Objectives To investigate the coexistence of sarcopenia, frailty, undernutrition and obesity and to identify the factors associated with the cooccurrence of these conditions in an older population.
Participants 1454 older adults with 65 years or older, from Nutrition UP 65 study.
Primary and secondary outcome measures Sarcopenia was identified using the European Working Group on Sarcopenia in Older People 2 guidelines and physical frailty using Fried phenotype. Mini-Nutritional Assessment-Short Form was used to ascertain undernutrition, and obesity was evaluated by body mass index.
Results 57.3% presented at least one condition, 38.0% were identified with one and 19.3% were identified with two or more conditions. When all preconditions were considered, 95.7% of the older adults presented at least one of these preconditions or conditions. Multinomial logistic regression multivariate analysis revealed that being male (OR 0.61; 95% CI 0.43 to 0.88), being married or in a common-law marriage (OR 0.58; 95% CI 0.40 to 0.84) and having a higher educational level (OR 0.23; 95% CI 0.07 to 0.73) were inversely associated with having two or more conditions, while age >75 years (OR 1.60; 95% CI 1.14 to 2.24), a poor self-perception of health status (OR 5.61; 95% CI 3.50 to 9.01), ≥5 medications (OR 3.11; 95% CI 1.77 to 5.46) and cognitive impairment (OR 1.84; 95% CI 1.37 to 2.48) were directly associated.
Conclusions Almost three out of five older adults presented at least one of the conditions related to nutritional status, and about one in five had two or more of these occurrences. However, the low coexistence observed between all of these reinforces the need to assess them all individually during the geriatric assessment.
- coexistent conditions
This is an open access article distributed in accordance with the Creative Commons Attribution Non Commercial (CC BY-NC 4.0) license, which permits others to distribute, remix, adapt, build upon this work non-commercially, and license their derivative works on different terms, provided the original work is properly cited, appropriate credit is given, any changes made indicated, and the use is non-commercial. See: http://creativecommons.org/licenses/by-nc/4.0/.
Statistics from Altmetric.com
If you wish to reuse any or all of this article please use the link below which will take you to the Copyright Clearance Center’s RightsLink service. You will be able to get a quick price and instant permission to reuse the content in many different ways.
Strengths and limitations of this study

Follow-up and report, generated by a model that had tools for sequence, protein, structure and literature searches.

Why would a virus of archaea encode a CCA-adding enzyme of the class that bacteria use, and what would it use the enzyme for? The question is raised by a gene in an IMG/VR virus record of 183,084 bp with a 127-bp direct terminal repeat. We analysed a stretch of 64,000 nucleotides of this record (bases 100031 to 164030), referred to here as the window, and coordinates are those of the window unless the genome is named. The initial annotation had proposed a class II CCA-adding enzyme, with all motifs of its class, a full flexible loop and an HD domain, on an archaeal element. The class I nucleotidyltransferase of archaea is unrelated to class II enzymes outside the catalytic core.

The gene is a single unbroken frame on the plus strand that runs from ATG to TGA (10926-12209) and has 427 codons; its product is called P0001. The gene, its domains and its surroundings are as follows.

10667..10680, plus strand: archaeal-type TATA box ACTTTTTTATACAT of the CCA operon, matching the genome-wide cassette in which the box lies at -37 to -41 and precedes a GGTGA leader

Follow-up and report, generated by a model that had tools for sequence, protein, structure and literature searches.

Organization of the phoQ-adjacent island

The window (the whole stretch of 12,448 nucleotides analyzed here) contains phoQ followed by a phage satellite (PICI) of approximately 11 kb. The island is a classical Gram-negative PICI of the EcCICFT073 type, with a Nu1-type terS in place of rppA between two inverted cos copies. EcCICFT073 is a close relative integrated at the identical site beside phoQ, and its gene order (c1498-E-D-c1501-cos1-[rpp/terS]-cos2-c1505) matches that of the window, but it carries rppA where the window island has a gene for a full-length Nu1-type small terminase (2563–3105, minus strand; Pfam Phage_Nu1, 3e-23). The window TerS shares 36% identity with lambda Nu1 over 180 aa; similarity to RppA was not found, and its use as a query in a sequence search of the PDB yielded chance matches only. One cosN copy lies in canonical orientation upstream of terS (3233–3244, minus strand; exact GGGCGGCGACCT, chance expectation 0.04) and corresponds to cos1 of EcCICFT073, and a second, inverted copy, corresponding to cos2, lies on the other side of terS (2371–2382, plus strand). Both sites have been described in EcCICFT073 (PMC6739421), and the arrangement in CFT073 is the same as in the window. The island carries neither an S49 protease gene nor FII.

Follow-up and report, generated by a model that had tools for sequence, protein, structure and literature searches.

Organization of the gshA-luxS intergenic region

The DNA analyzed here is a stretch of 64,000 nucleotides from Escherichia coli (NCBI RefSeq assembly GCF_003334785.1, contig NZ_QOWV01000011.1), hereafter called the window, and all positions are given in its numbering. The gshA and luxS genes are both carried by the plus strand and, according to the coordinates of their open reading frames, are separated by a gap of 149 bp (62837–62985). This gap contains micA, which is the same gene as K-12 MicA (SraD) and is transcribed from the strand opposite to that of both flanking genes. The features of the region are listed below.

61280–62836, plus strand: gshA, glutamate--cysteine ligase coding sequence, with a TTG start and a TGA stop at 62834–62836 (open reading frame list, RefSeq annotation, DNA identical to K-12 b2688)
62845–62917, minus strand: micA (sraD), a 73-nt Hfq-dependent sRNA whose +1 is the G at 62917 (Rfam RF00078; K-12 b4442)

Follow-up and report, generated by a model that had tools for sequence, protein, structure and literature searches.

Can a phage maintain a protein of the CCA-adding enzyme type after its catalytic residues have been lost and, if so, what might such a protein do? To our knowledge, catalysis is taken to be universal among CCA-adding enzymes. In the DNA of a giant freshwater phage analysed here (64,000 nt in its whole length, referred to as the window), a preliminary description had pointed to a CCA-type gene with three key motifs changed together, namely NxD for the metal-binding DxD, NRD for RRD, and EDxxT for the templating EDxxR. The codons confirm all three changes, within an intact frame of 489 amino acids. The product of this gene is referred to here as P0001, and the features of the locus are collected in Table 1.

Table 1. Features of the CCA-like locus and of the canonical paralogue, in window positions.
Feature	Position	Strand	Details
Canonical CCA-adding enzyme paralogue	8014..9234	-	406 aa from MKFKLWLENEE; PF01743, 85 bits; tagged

The study of the coexistence of all four conditions (sarcopenia, physical frailty, undernutrition and obesity) in older adults is a novelty.
This is a cross-sectional study.
A large sample of 1454 older adults was studied.
Body mass index was used to identify preobesity and obesity.
Muscle mass assessment for sarcopenia diagnosis was carried out using anthropometric measures.
Sarcopenia, frailty, undernutrition and obesity are frequently identified in older populations. Although research on health in older adults generally focuses on the presence of multiple chronic diseases, commonly termed ‘multimorbidity’,1 there are other relevant health conditions such as geriatric syndromes that are multifactorial conditions highly prevalent in older adults and that do not fall into discrete disease categories.2
Both sarcopenia and physical frailty include measures of muscle strength and performance to diagnose muscle dysfunction and are both associated with similar poor health outcomes.3 4 Despite the similarities, sarcopenia was not found to be a useful biomarker of frailty, but its absence is a good indicator for the absence of frailty.5 In a large sample of community-dwelling older adults, sarcopenia prevalence in frail individuals ranged from 40% to 72%, depending on the definition used.5 Moreover, sarcopenia and frailty were agreed to be separate conditions often associated with malnutrition.6 In fact, in a study with overweight and obese cancer patients, sarcopenia was prevalent across different levels of nutrition risk.7 In addition, the double burden of malnutrition was characterised by World Health Organization (WHO) as the coexistence of undernutrition along with overweight and obesity, namely, within individuals, but it needs to be further explored.
Despite being distinct, these conditions share many common pathophysiological pathways3 4 8 and are associated with poor health outcomes.9–11 Even though they have been extensively studied in older adults, the majority of the previous studies focused in each individual condition. Therefore, the study of their cooccurrence and their associated factors may help identify which individuals have an increased risk of cumulative health consequences and ascertain about older adults’ health status. Additionally, it may provide useful information to support the development of suitable healthcare responses. Hence, the main goals of the present study are to investigate the coexistence of sarcopenia, physical frailty, undernutrition and obesity, and to evaluate the factors associated with the cooccurrence of these conditions in a large sample of the Portuguese older population.
Materials and methods
Design and participants